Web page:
that's unfortunate, but at least the interest is there on both sides
[Ed-H: Bump. There, I did it. No more Urban Meyer.]
I got a little busy at work during the winter, and then recruiting magic was happening, and then I figured it was too late for this post. But finally I got a day off, and it's raining, and I've had these screencaps online for 6 months, and I've got literally nothing better to do for a few hours on this sunday. So here is the Nebraska game wrap (with pics!)
That was kind of unexpected. AND AWESOME! It was without a doubt our best game of the year. Heck it was our best game IN YEARS. It was maybe the best team performance since the 1997 PSU game, although I'm probably forgetting some good ones in between.
During the game, I remember thinking the score was pretty close and anything could happen until the turnovers made it a laugher. But after watching it a few times since then, we really did dominate in all phases of the game.
By the end of the 3rd, the stat sheet was pretty one-sided. They really only had 2 great plays all game. (Two plays that I highlighted in the preview post.... so maybe I'm not completely stupid. Still, I did rag on MSU's O-line which gelled pretty strongly by mid-season. ooops.)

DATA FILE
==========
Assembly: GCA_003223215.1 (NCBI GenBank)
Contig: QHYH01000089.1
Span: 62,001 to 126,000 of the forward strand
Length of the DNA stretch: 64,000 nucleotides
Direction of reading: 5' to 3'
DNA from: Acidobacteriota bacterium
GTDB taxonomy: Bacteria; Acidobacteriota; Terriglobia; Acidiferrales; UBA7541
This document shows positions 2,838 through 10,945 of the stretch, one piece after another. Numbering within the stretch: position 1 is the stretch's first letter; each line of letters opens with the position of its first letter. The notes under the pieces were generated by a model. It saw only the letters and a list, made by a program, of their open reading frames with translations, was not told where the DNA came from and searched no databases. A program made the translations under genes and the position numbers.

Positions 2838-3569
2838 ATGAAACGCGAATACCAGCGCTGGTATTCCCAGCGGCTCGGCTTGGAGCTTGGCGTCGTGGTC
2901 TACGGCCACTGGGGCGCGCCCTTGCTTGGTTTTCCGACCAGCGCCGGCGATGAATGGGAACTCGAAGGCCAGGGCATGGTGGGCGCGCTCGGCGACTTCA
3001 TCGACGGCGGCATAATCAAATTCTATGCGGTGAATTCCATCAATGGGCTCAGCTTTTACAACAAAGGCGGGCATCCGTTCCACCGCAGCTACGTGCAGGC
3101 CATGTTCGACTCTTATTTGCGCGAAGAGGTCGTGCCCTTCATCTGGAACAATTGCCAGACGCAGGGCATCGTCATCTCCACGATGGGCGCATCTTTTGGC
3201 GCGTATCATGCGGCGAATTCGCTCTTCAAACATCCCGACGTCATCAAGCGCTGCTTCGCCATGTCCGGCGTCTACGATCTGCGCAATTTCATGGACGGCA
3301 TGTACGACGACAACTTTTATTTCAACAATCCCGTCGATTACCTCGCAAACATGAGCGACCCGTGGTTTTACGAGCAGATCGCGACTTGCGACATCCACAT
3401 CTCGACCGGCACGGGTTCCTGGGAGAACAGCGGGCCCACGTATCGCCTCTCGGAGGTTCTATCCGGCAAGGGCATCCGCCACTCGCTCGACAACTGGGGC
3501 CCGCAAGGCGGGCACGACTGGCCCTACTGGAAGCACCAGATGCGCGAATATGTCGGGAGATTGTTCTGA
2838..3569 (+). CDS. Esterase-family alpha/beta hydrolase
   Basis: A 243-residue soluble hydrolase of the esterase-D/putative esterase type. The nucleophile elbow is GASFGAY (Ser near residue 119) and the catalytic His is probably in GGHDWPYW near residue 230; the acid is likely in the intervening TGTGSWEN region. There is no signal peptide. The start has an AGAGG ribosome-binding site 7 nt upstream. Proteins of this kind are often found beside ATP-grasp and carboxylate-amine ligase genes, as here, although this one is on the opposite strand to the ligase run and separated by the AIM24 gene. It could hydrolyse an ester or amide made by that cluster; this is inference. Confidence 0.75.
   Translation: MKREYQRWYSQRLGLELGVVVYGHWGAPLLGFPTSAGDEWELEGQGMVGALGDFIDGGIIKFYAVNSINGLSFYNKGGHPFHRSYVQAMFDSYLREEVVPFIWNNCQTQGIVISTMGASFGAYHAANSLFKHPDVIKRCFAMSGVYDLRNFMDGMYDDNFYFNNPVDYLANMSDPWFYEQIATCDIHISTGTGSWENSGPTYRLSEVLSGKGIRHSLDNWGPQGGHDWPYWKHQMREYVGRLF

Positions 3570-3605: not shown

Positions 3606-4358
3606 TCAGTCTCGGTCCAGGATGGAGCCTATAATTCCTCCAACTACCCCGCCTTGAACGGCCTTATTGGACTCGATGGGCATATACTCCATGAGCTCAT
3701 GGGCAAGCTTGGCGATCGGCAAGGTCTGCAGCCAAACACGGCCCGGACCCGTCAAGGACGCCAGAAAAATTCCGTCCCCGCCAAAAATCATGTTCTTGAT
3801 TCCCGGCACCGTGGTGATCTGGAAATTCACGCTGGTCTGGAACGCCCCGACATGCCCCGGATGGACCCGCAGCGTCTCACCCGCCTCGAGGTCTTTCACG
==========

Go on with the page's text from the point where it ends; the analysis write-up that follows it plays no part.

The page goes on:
Defending the option
Like most of the Michigan fan base, I have huge man crush on Mattison. The things he and his staff are doing, and the performances they're getting from our players are out of this world. I would love to just sit at his feet, follow him around, and absorb as much football knowledge as possible.
If you've accomplished as much as this man, people won't make a big deal out of you using your moobs to signal the playcall. (This GA knowns that peripheral vision is sometimes a weird thing.)
Defending the option is so simple, yet so hard. You need your players to know their assignments and play with decisiveness.Here is Jake Ryan demonstrating the textbook definition of "forcing the pitch".